How Democratic presidential candidates would raise taxes to pay for plans
LANSING — Democratic presidential hopefuls propose aggressive spending plans to combat climate change, make college free or more affordable and increase access to health care.
They’re going to have to pay for them somehow.
Top candidates in Michigan’s March 10 primary are pushing plans to reverse some of Republcian President Donald Trump’s tax cuts for high earners and corporations. Some propose a new wealth tax that would target the rich in an attempt to reduce income inequality.
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Here’s a look at the Democratic candidates’ plans:
Facing questions over how he’d finance major proposals that could cost more than $50 trillion over 10 years, the Vermont senator in February released an extensive outline detailing a variety of tax proposals. He wants new taxes in Wall Street trading, more Social Security payroll taxes for those earning more than $250,000, an annual wealth tax of 1 percent to 8 percent on anyone with at least $32 million in net worth, a new “income inequality tax” on large corporations that pay their CEOs at least 50 times more than average workers and new fees and taxes on the fossil fuel industry. To finance his “Medicare for All” plan, Sanders has rolled out a “menu of financing options,” including a 4 percent income-based premium that would be paid by workers but exempt the first $29,000 in income for a family of four, a top tax rate of 52 percent on income over $10 million, higher capital gains taxes and a restored corporate income tax rate of 35 percent. Read more about Sanders tax plans here
The former vice president from Delaware has a $3.2 trillion tax plan to pay for his policy proposals. He wants to reverse Trump tax cuts for the wealthy by restoring a top income tax rate of 39.6 percent, up from 37 percent. Biden also wants to tax capital gains investment income at the same rate as other earnings for taxpayers with more than $1 million in income. He’s proposed scrapping a “step-up basis” provision shielding inherited capital gains from taxation. Biden also wants to raise the corporate income tax rate, which was slashed under Trump, and create a minimum corporate tax of 15 percent to ensure firms like Amazon can’t use deductions and credits to avoid any tax. Read more about Biden tax plans here and here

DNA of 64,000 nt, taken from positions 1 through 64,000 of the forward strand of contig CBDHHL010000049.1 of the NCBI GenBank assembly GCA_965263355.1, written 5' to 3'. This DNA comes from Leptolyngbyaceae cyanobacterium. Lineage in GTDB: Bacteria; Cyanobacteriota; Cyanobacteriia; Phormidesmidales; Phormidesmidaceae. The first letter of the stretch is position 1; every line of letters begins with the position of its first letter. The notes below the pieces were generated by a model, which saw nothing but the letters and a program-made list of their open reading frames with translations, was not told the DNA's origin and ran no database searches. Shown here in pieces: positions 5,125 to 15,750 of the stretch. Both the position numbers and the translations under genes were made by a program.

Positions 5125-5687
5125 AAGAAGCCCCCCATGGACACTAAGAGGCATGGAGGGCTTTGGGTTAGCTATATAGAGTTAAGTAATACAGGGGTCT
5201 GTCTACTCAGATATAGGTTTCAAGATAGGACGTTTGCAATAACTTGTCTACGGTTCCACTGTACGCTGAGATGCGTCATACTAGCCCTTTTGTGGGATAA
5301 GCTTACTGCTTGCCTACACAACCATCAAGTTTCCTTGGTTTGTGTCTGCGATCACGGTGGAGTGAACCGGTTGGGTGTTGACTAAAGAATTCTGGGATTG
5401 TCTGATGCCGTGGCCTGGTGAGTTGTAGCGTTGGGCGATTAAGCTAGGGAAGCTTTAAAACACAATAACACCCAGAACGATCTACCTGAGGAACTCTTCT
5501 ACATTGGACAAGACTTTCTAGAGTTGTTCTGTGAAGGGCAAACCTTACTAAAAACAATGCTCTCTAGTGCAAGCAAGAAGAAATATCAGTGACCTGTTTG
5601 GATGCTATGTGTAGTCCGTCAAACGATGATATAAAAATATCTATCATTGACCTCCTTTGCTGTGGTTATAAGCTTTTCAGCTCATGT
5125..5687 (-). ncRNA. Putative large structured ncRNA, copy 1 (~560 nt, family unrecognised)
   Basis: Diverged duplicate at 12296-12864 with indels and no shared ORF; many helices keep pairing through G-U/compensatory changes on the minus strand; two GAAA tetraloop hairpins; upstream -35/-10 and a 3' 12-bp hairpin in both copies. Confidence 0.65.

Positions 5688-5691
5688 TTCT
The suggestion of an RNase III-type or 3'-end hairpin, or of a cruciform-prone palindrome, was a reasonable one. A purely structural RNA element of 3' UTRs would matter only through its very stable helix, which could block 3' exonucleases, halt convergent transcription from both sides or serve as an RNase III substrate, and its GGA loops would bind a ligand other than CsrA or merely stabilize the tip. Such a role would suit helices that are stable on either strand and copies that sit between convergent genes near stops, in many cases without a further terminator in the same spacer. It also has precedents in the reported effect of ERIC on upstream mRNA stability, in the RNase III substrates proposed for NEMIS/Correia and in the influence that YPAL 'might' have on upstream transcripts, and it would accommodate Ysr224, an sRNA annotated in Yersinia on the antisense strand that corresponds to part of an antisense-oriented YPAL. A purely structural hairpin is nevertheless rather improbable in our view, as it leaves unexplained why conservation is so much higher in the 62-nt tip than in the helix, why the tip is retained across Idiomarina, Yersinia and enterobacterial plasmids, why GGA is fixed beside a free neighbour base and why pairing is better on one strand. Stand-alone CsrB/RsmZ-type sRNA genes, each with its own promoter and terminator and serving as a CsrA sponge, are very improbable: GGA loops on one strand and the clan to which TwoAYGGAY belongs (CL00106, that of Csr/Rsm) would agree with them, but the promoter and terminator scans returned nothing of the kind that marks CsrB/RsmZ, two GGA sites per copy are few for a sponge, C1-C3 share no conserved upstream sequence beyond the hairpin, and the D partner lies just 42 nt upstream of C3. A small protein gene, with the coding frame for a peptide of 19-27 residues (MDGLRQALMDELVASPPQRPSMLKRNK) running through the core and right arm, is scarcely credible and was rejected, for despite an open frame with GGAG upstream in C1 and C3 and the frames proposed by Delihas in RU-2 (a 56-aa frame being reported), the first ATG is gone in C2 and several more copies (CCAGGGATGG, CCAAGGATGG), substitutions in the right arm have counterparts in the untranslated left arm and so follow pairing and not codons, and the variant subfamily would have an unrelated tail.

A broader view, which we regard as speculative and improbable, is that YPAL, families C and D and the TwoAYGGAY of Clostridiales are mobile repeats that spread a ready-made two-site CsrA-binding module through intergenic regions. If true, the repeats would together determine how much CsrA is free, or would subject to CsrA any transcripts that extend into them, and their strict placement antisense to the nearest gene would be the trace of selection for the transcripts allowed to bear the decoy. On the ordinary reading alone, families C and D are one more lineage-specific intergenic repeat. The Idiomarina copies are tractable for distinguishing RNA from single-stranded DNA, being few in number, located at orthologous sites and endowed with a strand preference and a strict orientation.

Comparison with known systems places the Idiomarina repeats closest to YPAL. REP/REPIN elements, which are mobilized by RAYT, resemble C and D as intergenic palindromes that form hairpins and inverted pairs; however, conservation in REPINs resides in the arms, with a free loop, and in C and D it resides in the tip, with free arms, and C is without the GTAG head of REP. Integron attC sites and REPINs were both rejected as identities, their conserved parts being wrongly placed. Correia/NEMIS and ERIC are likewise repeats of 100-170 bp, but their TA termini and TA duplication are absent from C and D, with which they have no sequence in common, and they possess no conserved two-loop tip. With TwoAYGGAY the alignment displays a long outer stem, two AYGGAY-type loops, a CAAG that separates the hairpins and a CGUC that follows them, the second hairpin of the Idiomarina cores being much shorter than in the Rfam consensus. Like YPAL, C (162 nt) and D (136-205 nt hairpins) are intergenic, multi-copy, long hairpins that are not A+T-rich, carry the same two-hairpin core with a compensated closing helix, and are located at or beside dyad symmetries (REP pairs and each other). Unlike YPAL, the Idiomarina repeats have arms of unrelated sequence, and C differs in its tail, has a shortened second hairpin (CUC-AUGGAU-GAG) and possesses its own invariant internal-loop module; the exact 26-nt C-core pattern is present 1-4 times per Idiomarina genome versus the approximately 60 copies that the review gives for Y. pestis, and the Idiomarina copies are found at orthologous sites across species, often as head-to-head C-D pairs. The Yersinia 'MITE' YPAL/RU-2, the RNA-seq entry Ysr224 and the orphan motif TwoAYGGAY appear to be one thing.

The Hawaiian member of Congress hasn’t said much about tax policy during the campaign. She has previously backed Medicare for All legislation that proposes raising income taxes on the top 5 percent of earners, creating a progressive excise tax on payroll and self-employment income, instituting a “modest” tax on unearned income and creating a “small tax” on stock and bond transactions. She also wants to end fossil fuel subsidies to pay for clean energy initiatives.
Editor's note: This article was updated March 5 to remove positions of candidates who have dropped out of the campaign since publication. Several candidates who have quit the race also will appear on Michigan's primary ballot.
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